throne at age 16. He emphasized modern
education, decentralization of governance, the
development of hydroelectricity and tourism and
improvements in rural developments. He was
perhaps best known internationally for his
overarching development philosophy of "Gross
National Happiness." It recognizes that there
are many dimensions to development and that
economic goals alone are not sufficient.
Satisfied with Bhutan's transitioning
democratization process, he abdicated in
December 2006 rather than wait until the
promulgation of the new constitution in 2008.
His son, Jigme Khesar Namgyel Wangchuck, became
King upon his abdication.
GOVERNMENT AND POLITICAL CONDITIONS
Traditionally a decentralized theocracy and,
since 1907, a monarchy, Bhutan completed its
successful transition to a constitutional
monarchy in 2008. Bhutanese officials began
preparations for the first-ever elections in
2006, shortly before King Jigme Singye Wangchuck
abdicated in December 2006. The National Council
of the new bicameral parliament was elected in
December 2007, and National Assembly elections
followed in March 2008. The Druk Phuensum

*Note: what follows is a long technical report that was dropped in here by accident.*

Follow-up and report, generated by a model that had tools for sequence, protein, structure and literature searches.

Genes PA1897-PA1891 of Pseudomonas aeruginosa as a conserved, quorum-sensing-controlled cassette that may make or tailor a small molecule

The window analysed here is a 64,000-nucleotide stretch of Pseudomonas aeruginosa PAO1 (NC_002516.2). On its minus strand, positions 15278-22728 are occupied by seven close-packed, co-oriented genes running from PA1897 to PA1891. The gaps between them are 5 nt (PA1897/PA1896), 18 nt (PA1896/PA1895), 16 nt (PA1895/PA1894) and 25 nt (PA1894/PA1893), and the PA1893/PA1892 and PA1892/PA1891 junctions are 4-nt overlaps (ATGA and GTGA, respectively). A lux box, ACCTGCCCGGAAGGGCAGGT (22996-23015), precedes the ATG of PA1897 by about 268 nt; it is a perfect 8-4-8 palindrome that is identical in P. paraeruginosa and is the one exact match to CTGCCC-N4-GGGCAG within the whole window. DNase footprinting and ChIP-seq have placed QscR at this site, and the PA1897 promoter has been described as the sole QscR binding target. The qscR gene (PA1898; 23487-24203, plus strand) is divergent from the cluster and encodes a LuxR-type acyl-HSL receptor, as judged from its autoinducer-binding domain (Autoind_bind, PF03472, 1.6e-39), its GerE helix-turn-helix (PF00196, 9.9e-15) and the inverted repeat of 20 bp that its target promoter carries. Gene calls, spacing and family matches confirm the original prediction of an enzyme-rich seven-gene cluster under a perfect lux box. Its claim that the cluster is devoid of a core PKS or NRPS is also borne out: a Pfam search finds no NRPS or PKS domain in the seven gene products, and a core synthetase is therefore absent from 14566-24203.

Tshogpa (DPT) won 44 out of 47 seats in the
latter election in which 80% of the 320,000
registered voters cast a ballot.
Migration by Nepalis into southern Bhutan began
in the early 19th century. Currently these and
other ethnic Nepalis, referred to as Lhotsampas,
comprise 35% of Bhutan's population. In 1988,
the government census led to the branding of
many ethnic Nepalis as illegal immigrants. Local
Lhotshampa leaders responded with
anti-government rallies demanding citizenship
and attacks against government institutions.
Between 1998-1993, thousands of ethnic Nepalis
fled to refugee camps in Nepal alleging ethnic
and political repression. Currently, 107,000
refugees reside in seven camps. Bhutan and Nepal
have been working for over seven years to
resolve the refugee problem and repatriate
certain refugees living in Nepal. The
resettlement of Bhutanese refugees from the
camps in Nepal to the U.S., Australia, and New
Zealand is proceeding. The transition to
democracy may improve the situation: of its 47
candidates, the DPT fielded nine